Saudi Arabia's Energy Era - 80 Years

Making best use of gas

Through the Master Gas System, Aramco was to recover associated gas produced at the oilfields

GAS plays a key role in Saudi Arabia’s industrialisation, thanks to Saudi Aramco’s Master Gas System (MGS) which was completed in 1981.

Owned and operated by Saudi Aramco, the MGS made the kingdom self-sufficient in gas feedstocks for industry and fuel for electricity. It also made Saudi Aramco the world’s biggest exporter of gas liquids (LPGs & NGLs). But it had serious problems in the 1980s due to a fall in oil production.

Work on the MGS began in 1975, when the Riyadh government asked then US-owned Aramco to build and operate it as an integrated system.

The company was to recover associated gas produced at the oilfields, process it and supply the gas in dry and liquid forms for both local and export ventures.

Locally, the gas was to feed the two main industrial zones of the kingdom, Jubail on the Gulf and Yanbu’ on the Red Sea. The system was built in two phases. The largest of its kind in the world, the MGS now consists of the following:

• About 65 gas/oil separation plants (GOSPs) – and some gas compression plants in the various fields, notably including Ghawar, Safaniyah, Khurais, Zuluf, etc. and the Najd fields;

• Pipelines gathering the associated gas for treatment with capacity of 6,000 mmcfd. (The MGS’s capacity was originally set at 5,500 mmcfd. This was scaled down in 1978 to 3,500 mmcfd. Due to increased local demand and occasional shortages of gas feedstocks in the 1980s, it was decided that the gathering capacity should reach 6,000 mmcfd – with big discoveries of non-associated gas at Ghawar having come as added encouragement);

• Three gas processing plants at the Berri, Shedgum and Uthmaniyah oilfields. These plants separate from the gas the methane content which is supplied to the power stations, the refineries and the fertiliser, methanol and metal ventures at the industrial zones. These plants are being debottlenecked and expanded.

There will be two additional gas processing plants, one (the fourth) at Hawiyah to be on stream in late 2001 and one (the 5th) at Haradh to be on stream before 2005. With a total investment of about $7.5 billion, these and a further expansion of the first three plants should by 2005 have the capacity to process up to 9,000 mmcfd.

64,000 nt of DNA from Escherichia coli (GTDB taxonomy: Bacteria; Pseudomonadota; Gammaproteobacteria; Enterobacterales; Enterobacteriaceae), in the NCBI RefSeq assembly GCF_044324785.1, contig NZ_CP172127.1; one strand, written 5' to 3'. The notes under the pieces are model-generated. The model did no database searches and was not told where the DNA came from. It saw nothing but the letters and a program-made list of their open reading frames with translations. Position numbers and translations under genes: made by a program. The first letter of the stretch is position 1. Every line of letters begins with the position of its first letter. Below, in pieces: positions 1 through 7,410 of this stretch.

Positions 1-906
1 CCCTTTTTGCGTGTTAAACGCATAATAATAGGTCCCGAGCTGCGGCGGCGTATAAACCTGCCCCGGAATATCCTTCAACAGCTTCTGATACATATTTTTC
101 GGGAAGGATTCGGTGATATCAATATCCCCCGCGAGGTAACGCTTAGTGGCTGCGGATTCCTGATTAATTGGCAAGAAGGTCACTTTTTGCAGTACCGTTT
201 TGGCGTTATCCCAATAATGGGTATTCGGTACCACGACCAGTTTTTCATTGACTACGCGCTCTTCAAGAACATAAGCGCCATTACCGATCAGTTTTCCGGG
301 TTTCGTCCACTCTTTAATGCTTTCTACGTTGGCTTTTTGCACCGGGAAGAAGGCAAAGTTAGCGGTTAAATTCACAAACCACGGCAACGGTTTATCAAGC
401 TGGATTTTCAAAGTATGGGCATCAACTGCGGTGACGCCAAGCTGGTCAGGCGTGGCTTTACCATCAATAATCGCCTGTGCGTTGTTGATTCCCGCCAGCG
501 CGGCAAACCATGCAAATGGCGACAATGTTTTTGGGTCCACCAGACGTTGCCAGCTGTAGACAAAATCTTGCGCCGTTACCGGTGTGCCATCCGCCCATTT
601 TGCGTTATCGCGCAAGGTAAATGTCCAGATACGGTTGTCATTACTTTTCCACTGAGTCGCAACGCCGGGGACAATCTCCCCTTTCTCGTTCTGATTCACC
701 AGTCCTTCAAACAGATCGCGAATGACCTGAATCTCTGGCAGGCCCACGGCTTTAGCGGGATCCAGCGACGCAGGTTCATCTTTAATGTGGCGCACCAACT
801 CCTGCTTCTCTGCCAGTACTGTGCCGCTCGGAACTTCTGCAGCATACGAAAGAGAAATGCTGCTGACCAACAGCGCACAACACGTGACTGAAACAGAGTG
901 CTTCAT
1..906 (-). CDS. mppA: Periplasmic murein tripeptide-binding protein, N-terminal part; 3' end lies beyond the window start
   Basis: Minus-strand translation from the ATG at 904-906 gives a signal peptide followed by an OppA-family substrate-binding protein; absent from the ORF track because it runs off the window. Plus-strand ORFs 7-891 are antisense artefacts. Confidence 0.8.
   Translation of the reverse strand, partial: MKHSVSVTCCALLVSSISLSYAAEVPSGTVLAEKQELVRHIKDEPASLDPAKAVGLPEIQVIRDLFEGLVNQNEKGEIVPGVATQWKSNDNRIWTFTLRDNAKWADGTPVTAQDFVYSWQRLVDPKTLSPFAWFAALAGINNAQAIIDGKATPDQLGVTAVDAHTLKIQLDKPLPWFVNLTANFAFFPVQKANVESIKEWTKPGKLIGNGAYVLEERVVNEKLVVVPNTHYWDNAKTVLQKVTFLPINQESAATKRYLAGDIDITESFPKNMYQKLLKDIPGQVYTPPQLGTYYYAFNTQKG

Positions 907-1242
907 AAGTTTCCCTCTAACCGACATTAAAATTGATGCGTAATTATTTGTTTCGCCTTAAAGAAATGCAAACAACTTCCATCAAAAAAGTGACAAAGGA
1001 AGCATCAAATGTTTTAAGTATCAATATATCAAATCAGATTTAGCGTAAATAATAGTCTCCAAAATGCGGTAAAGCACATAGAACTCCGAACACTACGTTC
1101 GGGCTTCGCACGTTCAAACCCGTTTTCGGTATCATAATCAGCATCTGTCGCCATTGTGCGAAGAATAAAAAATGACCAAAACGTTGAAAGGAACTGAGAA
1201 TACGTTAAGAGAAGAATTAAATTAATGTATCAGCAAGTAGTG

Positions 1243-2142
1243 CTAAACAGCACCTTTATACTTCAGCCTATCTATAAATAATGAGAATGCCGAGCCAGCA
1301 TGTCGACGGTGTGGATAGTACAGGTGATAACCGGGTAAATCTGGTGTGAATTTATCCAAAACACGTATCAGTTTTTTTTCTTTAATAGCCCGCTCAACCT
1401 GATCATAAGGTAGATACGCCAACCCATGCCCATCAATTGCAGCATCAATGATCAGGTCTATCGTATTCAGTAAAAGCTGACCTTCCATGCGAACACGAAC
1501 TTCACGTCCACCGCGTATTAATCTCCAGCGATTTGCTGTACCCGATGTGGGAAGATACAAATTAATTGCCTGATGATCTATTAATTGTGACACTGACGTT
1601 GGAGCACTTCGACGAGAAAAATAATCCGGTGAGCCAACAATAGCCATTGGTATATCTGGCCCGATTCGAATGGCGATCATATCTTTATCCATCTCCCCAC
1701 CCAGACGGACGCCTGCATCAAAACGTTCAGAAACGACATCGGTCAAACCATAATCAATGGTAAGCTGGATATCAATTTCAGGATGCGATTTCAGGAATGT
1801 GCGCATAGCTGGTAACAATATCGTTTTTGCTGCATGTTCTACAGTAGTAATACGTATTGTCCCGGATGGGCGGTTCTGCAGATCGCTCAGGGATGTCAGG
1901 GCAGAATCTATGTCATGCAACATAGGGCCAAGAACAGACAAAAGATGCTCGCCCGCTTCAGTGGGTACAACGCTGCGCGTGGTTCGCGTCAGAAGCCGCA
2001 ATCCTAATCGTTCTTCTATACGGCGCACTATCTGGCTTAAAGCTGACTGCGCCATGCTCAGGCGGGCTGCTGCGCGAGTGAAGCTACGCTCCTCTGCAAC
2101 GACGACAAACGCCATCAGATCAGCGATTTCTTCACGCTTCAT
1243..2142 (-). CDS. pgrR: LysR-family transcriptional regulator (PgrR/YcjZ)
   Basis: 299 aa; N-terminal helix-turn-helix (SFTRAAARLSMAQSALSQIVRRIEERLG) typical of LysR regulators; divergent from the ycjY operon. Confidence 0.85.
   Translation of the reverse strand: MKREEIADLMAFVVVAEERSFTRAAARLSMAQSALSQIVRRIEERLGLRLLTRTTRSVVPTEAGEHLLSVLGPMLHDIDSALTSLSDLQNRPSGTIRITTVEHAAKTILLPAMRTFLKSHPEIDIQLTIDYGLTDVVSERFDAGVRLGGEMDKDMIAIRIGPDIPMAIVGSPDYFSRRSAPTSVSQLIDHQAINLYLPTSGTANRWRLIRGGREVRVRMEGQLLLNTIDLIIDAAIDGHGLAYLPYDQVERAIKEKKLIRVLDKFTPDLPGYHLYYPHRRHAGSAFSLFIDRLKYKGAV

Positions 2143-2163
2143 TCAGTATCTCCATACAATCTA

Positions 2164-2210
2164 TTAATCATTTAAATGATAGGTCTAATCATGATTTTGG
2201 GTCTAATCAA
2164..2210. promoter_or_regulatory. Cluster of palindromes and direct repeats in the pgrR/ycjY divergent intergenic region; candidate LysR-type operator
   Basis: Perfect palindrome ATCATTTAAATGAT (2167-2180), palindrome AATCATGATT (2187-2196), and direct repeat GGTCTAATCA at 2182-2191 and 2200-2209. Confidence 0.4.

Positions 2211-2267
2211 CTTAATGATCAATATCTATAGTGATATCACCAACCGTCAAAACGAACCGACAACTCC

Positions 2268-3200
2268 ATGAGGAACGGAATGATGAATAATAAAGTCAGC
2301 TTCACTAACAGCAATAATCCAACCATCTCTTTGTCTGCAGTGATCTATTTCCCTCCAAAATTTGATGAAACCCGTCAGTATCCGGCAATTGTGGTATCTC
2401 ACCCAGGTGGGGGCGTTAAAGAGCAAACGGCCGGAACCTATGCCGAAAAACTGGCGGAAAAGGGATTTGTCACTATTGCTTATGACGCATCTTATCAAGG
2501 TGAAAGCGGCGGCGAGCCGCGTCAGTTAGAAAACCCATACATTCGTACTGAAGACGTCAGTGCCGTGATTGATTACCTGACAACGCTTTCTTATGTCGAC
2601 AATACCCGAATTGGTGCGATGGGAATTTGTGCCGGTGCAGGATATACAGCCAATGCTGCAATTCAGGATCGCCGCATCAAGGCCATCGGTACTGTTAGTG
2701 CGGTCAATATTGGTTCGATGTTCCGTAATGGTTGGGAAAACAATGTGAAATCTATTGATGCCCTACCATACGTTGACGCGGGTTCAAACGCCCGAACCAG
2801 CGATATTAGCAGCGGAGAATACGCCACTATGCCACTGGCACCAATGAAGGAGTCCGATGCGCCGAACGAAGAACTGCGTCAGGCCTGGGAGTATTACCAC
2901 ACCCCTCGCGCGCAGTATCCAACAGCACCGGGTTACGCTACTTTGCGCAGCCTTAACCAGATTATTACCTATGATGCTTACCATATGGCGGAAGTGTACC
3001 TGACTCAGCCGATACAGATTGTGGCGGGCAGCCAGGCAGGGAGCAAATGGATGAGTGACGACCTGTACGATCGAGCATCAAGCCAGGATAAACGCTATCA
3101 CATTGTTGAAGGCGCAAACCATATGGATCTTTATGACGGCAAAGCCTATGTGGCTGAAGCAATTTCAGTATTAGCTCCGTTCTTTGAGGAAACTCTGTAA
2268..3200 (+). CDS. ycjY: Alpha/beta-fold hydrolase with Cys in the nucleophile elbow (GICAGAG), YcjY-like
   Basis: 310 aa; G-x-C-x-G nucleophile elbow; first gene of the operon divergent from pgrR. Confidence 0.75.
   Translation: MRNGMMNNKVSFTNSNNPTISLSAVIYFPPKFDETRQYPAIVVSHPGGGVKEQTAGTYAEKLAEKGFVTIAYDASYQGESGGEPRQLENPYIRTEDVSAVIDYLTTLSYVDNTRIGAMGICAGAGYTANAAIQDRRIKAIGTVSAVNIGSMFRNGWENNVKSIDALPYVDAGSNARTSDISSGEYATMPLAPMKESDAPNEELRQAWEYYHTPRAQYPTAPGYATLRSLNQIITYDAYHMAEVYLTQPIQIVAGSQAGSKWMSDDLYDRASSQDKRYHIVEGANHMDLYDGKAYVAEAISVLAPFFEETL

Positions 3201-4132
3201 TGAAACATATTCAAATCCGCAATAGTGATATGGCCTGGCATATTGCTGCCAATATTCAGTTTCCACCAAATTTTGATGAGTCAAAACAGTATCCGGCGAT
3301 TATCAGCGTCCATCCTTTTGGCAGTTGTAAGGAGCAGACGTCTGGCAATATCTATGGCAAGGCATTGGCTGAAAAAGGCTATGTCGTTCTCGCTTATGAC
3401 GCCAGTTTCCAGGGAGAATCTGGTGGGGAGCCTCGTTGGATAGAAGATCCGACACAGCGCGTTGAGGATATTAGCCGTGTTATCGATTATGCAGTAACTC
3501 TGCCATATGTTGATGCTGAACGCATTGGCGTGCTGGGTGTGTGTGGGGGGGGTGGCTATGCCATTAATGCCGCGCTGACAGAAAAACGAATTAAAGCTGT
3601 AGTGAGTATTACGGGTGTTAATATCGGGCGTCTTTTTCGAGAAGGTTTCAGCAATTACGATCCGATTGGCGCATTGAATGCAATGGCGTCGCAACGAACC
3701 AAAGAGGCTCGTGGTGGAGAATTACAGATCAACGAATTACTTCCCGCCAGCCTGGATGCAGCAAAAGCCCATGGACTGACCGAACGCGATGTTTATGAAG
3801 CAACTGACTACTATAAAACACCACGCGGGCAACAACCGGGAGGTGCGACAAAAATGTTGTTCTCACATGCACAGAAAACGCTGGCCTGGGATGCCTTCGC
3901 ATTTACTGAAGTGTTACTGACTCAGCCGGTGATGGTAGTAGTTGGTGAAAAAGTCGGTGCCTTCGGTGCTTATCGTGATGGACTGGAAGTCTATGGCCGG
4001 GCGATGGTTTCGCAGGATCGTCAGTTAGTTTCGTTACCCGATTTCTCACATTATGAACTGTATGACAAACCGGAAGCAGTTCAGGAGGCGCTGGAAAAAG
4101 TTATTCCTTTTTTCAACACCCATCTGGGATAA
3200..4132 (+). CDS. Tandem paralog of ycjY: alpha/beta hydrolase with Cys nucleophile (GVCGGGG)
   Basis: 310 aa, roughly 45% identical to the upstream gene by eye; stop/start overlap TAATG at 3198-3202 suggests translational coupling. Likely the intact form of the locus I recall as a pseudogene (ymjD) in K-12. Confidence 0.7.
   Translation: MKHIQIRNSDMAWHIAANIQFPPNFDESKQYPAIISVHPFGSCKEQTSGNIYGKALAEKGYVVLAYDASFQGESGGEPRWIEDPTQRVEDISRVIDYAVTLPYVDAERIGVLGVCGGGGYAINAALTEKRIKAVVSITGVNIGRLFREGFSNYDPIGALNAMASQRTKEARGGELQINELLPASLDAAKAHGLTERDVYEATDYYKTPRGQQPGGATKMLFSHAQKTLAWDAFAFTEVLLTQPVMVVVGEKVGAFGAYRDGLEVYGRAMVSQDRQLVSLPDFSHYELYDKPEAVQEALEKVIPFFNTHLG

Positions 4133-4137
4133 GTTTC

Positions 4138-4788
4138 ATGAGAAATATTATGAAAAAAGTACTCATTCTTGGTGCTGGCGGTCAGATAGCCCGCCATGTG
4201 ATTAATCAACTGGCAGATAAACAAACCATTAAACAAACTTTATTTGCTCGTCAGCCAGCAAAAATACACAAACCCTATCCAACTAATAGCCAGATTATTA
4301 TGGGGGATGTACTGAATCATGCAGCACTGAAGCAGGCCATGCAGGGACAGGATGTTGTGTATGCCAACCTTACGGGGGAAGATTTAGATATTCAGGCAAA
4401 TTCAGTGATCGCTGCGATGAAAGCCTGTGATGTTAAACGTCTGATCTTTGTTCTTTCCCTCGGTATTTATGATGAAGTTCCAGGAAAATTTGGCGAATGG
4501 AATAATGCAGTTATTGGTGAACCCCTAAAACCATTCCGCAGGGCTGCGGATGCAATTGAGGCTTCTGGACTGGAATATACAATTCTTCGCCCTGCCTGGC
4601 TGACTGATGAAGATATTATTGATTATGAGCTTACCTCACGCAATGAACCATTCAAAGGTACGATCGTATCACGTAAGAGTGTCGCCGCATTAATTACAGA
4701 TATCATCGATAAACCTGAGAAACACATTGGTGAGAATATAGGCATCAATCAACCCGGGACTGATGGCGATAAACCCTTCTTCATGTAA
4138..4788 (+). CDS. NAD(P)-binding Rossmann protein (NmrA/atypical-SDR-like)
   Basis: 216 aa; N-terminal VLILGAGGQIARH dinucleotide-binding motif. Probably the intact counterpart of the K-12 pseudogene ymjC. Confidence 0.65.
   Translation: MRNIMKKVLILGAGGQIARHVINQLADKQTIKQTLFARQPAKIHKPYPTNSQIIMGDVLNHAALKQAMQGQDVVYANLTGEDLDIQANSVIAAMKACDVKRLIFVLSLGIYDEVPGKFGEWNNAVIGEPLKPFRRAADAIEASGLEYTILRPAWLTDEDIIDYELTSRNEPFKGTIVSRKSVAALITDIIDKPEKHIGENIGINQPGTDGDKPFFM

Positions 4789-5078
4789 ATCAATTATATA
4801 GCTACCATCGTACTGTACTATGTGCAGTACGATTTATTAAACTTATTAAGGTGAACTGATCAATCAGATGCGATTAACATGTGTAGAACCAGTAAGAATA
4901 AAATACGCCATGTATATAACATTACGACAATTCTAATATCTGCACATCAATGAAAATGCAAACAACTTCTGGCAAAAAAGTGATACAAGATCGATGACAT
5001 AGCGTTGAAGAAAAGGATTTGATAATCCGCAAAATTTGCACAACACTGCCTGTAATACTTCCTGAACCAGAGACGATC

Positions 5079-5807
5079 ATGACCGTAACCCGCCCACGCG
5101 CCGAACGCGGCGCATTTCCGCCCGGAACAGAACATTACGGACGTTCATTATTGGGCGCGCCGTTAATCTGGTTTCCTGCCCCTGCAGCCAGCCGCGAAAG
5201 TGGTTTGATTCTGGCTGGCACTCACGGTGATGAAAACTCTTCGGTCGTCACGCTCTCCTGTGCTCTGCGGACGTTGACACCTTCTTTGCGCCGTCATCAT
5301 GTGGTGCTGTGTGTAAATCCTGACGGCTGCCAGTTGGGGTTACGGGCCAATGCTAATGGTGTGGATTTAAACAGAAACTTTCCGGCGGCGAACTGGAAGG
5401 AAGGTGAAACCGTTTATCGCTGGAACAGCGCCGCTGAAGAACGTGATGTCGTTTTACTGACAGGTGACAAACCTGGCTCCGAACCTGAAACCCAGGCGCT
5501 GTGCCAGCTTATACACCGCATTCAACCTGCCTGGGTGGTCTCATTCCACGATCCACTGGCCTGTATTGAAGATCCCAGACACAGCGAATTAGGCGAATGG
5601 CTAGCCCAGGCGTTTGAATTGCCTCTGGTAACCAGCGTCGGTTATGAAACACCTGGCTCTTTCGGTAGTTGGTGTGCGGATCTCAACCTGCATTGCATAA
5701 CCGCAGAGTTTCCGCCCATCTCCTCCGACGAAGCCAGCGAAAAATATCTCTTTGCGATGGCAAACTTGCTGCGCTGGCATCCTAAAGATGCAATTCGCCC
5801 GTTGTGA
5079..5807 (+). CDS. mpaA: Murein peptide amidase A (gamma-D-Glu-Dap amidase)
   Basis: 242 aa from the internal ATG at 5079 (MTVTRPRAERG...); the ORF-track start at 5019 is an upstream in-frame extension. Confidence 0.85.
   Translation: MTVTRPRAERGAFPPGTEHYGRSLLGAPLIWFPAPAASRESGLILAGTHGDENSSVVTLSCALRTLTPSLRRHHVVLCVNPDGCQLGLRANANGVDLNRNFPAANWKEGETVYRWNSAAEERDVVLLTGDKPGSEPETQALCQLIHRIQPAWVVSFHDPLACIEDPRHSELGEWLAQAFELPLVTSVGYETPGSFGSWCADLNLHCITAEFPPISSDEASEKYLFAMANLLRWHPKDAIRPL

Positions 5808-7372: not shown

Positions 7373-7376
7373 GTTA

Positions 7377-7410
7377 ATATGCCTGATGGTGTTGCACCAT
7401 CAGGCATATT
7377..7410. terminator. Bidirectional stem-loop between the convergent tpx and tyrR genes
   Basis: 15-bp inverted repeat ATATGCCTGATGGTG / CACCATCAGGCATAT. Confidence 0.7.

The two new plants will be processing 2,840 mmcfd of non-associated gas. The other plants are being adapted so they can also process non-associated gas;

• The East-West NGL pipeline which supplies gas liquids from Shedgum to Yanbu’; and

• Two gas fractionation plants at Juaymah and Yanbu’. The fractionators separate ethane, propane, butane and natural gasoline (NGL) from the gas. Ethane is supplied to the ethylene plants, from Juaymah to Jubail and from the Yanbu’ unit to a nearly ethylene complex. The LPGs and NGLs are mostly exported, with local demand for butane having risen due to an expansion of the MTBE sector and demand for propane is to rise rapidly for flexible new crackers being built in the Eastern Province. The Juaymah and Yanbu’ plants are being expanded;

Although the system may gather more than 6,000 mmcfd of raw gas, it recent years it could only process about 4,500 bcfd. To improve and expand the system and increase NGL yields, the $7.5 billion investment was necessary. It was justified thanks to a 50 per cent rise in the price of plant gas to $0.75/mmBtu from the beginning of 1998.

The first MGS phase began operations in 1982, after tests in late 1981. It was then totally dependent on associated gas linked to oil production in a limited number of fields in the Eastern Province. That caused problems because of a fall in oil production.

A further decline in oil production during the subsequent years caused power cuts and a shortage of ethane to ethylene plants. This and other problems compelled Aramco to supplement the system’s gas-feed with Khuff non-associated gas reserves found at Ghawar and cap gas found at Abqaiq in 1984-85.

Both were developed by 1986. The latter element featured the Khuff and Cap Gas Project, completed in December 1986. It consisted of 27 wells and 450,000 feet of flow lines, enabling the MGS to supply 200 mmcfd of additional gas in early 1987.

Phase 2 of the MGS came on stream in late 1984, boosting the supply of associated gas from other oilfields. But gas supply shortages remained because in 1985 Saudi Arabia’s oil production at times fell to 2.5 mbpd. It was not until non-associated gas supplies were added that the MGS was able to meet local requirements as well as feed the fractionation plants for LPG/NGL export.

By 1991 Saudi Aramco had added more than 2,000 mmcfd of non-associated gas gathering capacity to the system, mostly from the Khuff beneath Ghawar. It had installed facilities to produce 450 mmcfd from the Abqaiq gas cap to meet peak demand, and 60 mmcfd from the Qatif storage reservoir for emergency.

But even with these additions, the system’s overall capacity remained limited for two reasons. Gas gathering units were not in place at all the producing oilfields and Saudi Aramco had to flare or reinject substantial quantities of gas.

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